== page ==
Wed, 04/25/2018 - 1:48pm

A 16-year-old boy pleaded no contest to charges in connection with the shooting of four teenagers during Noel Night festivities in Detroit.

Calvin Stephens pleaded no contest to two counts of assault with intent to murder and a felony firearms violation. He was originally charged with four counts after four teens were shot during a holiday festival in Detroit's Midtown.

Detroit Police Chief James Craig said the shooting was prompted by a fight at a high school championship football game.

"At this game there was some sort of fight," Craig said. "At Noel Night, these two groups met up and there was some pushing and shoving and then there was some gunfire."

Craig said the fight was between two groups of students at East English Village.

Stephens was detained two days after the shooting for questioning in connection with the shooting on Dec. 2, 2017.

Stephens is expected to be sentenced May 25.

4 teenagers shot

The shooting happened at about 7:45 p.m. during the annual Noel Night in Midtown, an event which draws thousands of people to the city's Midtown neighborhood, near the Detroit Institute of Arts (DIA) at Farnsworth and John R streets.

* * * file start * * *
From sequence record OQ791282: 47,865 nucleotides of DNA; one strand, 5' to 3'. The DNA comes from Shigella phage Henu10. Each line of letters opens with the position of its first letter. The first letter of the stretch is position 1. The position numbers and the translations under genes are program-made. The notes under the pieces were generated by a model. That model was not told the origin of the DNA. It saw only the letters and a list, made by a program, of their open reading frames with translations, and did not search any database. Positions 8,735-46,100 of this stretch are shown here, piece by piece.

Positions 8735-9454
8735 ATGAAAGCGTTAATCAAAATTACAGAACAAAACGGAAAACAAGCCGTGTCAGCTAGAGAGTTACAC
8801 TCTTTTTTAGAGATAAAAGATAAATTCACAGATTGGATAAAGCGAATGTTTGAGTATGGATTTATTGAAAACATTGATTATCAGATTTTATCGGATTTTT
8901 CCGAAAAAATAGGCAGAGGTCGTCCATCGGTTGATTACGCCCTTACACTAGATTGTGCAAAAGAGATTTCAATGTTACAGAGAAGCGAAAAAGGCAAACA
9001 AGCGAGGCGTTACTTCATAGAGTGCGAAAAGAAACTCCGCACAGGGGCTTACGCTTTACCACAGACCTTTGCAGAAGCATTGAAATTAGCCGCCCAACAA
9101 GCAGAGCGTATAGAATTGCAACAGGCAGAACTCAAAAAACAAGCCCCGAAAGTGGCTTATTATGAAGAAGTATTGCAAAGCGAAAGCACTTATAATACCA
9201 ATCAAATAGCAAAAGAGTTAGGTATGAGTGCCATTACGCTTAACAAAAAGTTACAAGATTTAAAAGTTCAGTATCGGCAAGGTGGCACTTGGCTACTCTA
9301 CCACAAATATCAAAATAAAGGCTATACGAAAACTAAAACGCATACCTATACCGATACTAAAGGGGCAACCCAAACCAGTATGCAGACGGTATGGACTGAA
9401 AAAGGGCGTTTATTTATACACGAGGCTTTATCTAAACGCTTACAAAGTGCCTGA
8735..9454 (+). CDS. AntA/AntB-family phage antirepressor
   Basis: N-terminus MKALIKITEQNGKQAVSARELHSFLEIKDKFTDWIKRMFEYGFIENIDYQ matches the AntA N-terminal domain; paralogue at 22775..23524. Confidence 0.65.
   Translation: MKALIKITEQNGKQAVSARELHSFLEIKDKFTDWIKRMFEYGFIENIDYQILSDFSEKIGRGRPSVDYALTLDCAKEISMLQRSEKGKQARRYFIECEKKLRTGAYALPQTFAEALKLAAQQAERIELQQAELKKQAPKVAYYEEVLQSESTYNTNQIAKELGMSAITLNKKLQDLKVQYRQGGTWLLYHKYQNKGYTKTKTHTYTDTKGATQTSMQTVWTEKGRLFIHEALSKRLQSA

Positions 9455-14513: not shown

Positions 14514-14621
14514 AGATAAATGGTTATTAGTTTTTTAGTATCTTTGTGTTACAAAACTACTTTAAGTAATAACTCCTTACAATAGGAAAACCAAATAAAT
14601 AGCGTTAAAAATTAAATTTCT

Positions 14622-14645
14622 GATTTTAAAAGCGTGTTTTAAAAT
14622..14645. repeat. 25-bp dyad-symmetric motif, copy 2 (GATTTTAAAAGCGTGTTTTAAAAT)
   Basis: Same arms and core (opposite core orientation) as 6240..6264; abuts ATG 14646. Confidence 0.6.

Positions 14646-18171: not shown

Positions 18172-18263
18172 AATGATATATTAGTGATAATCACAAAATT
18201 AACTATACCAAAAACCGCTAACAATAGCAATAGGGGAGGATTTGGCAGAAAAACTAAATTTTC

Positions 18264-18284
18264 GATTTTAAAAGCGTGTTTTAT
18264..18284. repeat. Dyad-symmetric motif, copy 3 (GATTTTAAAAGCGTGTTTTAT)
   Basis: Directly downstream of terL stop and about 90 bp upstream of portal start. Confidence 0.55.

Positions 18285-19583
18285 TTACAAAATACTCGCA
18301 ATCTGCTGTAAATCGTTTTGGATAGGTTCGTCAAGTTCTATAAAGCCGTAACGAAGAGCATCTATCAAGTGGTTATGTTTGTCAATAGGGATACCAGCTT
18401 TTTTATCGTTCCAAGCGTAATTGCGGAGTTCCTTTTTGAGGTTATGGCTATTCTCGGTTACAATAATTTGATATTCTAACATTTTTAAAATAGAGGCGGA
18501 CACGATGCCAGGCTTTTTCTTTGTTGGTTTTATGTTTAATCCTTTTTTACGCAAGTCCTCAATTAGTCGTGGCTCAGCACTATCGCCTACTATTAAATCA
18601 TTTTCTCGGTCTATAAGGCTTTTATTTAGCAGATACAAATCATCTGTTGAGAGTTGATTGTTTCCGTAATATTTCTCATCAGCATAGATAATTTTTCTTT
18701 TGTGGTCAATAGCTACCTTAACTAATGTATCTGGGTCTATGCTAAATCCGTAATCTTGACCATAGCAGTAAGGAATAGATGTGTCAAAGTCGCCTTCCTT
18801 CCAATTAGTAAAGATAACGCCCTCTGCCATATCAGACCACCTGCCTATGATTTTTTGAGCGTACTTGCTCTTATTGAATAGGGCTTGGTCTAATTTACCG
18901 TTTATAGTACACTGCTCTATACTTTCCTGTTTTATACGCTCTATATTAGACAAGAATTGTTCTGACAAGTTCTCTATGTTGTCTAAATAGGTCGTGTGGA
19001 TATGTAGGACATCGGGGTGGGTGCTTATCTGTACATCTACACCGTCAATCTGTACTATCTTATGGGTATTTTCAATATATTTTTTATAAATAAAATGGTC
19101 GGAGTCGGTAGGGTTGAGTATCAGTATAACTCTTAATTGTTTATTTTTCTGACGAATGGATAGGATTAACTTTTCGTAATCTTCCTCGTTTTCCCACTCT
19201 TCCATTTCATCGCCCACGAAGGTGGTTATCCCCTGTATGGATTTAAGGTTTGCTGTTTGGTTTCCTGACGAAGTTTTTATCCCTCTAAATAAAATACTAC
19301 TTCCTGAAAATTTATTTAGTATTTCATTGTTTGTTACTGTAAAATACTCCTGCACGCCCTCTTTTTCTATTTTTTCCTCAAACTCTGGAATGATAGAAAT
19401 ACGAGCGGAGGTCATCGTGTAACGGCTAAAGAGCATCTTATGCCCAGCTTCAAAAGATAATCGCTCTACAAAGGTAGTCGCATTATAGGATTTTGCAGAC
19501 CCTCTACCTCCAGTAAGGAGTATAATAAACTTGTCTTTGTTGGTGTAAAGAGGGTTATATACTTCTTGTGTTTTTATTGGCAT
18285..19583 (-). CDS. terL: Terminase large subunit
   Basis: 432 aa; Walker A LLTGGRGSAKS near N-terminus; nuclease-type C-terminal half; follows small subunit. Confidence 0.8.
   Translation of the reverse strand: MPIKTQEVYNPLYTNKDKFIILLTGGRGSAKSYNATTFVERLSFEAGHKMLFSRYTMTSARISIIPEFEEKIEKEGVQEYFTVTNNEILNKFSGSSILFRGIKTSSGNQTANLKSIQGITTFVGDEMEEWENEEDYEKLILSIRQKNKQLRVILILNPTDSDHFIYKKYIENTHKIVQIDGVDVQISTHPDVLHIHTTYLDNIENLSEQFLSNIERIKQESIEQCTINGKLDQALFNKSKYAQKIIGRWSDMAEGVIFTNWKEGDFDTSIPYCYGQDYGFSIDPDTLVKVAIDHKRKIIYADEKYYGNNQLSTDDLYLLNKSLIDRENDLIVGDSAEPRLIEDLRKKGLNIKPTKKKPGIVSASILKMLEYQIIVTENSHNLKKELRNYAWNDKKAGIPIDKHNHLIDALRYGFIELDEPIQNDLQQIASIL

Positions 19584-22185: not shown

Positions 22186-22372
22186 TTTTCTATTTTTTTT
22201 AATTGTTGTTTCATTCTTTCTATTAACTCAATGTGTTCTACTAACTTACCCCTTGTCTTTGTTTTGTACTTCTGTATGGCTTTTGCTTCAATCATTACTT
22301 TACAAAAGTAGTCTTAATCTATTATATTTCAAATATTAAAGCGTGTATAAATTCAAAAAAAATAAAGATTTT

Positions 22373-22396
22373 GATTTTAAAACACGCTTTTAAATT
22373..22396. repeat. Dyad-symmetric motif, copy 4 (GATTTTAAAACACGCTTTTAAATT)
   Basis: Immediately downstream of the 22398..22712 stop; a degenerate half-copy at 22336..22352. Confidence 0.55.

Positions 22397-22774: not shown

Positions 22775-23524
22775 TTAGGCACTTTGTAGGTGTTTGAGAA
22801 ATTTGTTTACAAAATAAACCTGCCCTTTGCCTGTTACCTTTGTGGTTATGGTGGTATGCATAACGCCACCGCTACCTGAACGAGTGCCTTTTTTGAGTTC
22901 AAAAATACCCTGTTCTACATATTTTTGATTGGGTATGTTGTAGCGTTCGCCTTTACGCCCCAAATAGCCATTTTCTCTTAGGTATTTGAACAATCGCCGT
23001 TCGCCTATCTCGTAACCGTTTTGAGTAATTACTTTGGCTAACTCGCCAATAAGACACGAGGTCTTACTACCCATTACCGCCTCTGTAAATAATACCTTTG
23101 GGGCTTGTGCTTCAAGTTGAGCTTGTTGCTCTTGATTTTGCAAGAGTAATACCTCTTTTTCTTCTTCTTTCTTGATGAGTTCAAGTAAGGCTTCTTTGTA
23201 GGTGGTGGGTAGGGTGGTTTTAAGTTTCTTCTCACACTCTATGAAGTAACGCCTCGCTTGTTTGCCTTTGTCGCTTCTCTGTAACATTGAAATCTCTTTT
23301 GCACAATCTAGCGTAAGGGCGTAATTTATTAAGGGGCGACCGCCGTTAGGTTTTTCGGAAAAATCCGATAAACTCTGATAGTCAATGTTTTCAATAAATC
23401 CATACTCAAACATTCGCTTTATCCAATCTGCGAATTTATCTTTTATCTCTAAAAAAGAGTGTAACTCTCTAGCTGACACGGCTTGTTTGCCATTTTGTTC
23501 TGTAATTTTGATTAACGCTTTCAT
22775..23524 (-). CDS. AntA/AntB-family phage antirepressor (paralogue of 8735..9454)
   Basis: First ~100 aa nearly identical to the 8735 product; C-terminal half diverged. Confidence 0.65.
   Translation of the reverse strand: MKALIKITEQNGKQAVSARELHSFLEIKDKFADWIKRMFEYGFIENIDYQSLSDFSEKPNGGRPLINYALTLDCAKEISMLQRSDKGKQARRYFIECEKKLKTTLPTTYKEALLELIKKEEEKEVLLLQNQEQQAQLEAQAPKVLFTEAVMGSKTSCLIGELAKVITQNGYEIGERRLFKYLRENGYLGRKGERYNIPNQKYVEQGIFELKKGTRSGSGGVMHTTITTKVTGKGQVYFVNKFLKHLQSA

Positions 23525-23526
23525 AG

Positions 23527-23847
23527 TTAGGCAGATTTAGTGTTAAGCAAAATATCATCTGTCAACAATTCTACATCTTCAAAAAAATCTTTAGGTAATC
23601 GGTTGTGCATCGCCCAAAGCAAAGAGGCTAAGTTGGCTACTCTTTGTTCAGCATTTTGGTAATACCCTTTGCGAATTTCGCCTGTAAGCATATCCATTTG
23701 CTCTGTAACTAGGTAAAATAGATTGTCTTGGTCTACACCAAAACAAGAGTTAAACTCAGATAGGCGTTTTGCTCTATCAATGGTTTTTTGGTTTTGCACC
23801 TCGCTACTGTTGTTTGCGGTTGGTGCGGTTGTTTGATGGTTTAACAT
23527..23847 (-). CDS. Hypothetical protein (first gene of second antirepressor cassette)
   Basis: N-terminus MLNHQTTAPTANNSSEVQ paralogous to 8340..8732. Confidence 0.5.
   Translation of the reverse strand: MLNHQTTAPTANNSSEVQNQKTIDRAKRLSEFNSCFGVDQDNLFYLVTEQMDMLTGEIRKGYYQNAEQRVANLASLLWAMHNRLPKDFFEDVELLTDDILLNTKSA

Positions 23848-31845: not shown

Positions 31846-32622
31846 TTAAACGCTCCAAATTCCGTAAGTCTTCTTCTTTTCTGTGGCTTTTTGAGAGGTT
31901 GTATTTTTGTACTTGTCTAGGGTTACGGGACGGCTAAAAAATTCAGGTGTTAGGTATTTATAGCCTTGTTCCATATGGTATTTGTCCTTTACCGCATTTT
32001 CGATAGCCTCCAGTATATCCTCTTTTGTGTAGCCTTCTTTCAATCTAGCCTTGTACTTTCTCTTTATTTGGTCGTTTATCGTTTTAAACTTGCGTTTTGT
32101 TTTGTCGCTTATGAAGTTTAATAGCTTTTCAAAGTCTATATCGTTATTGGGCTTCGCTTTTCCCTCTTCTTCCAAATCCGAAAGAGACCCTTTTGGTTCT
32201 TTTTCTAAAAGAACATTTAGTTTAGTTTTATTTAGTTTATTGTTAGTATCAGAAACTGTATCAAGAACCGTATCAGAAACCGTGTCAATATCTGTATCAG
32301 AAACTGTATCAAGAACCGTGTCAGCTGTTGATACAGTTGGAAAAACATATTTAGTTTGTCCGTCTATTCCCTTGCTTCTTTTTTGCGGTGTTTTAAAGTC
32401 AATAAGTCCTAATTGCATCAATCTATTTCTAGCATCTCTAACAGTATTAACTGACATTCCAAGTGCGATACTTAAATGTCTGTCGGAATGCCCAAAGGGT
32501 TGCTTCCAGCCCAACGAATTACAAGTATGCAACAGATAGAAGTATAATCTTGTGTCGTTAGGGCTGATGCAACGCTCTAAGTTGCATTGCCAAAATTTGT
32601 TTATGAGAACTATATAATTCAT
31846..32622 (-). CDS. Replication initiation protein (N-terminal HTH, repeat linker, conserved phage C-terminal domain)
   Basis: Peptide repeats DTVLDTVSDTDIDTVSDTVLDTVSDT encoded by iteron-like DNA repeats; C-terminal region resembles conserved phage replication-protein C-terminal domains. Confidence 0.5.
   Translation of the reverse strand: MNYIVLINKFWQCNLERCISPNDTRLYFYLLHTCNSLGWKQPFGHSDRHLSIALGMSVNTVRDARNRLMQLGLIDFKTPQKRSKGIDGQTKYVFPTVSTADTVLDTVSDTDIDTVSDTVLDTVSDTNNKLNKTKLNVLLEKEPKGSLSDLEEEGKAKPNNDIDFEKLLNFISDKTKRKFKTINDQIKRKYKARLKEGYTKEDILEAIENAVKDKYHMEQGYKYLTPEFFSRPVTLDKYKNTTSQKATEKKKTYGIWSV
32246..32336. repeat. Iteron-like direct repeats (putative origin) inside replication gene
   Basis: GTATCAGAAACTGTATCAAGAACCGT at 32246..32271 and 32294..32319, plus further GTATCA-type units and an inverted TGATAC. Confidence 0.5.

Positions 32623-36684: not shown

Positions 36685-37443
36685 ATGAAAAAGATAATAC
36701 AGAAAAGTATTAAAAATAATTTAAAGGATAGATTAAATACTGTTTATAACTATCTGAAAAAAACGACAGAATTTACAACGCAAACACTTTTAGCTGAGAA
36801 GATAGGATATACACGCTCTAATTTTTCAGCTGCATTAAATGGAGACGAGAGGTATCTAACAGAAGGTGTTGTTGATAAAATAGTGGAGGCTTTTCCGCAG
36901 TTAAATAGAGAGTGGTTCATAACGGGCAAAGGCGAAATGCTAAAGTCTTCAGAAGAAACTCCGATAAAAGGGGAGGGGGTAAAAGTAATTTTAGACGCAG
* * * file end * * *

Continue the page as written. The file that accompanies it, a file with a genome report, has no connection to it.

ORIGINAL REPORT: 4 teenagers shot at Noel Night festivities

Sources said a 17-year-old girl got into a dispute with someone who opened fire. Three males -- a 14-,16- and 19-year-old -- were also shot. Sources said they may have been innocent bystanders.

All of the victims suffered non-life-threatening injuries.

Witnesses told police that the shooter fired a gun at the ground, and the victims may have been hit by bullets that ricocheted off the ground.

Heavy police presence

The 45th annual Noel Night was canceled after the shooting.

Craig spoke about the incident and said there was a heavy police presence, but he is re-evaluating staffing in light of the shooting.

"Certainly we don't deploy like we do say for a July Fourth fireworks celebration, so we are going to be looking at that going forward," Craig said. "Sometimes it's one incident like this that creates so much fear, but this should not be the incident that defines who we are."

Craig said there were in excess of 120 officers at the event, including Wayne State University police officers.

People flee Noel Night

Tweets from Noel Night reported a large crowd of people fleeing the area after hearing gunshots. Fights were also reported in the area of the shooting.

Asked about police presence at Noel Night, Craig said it was "significant," though less than at Detroit's fireworks. The event may need more police next year, he said, adding officials may also need to rethink how children are left unsupervised at the event.

"One of the things we have seen here tonight (are) lots of young children here without parental supervision," Craig told Local 4. "Parents dropped their kids off, probably at the Science Museum, for a festive night. Not being critical, just saying we have to rethink, this is about public safety."

RELATED: Police presence, unsupervised kids could be reviewed at Detroit Noel Nights, Chief Craig says

Stay with Local 4 and ClickOnDetroit for updates.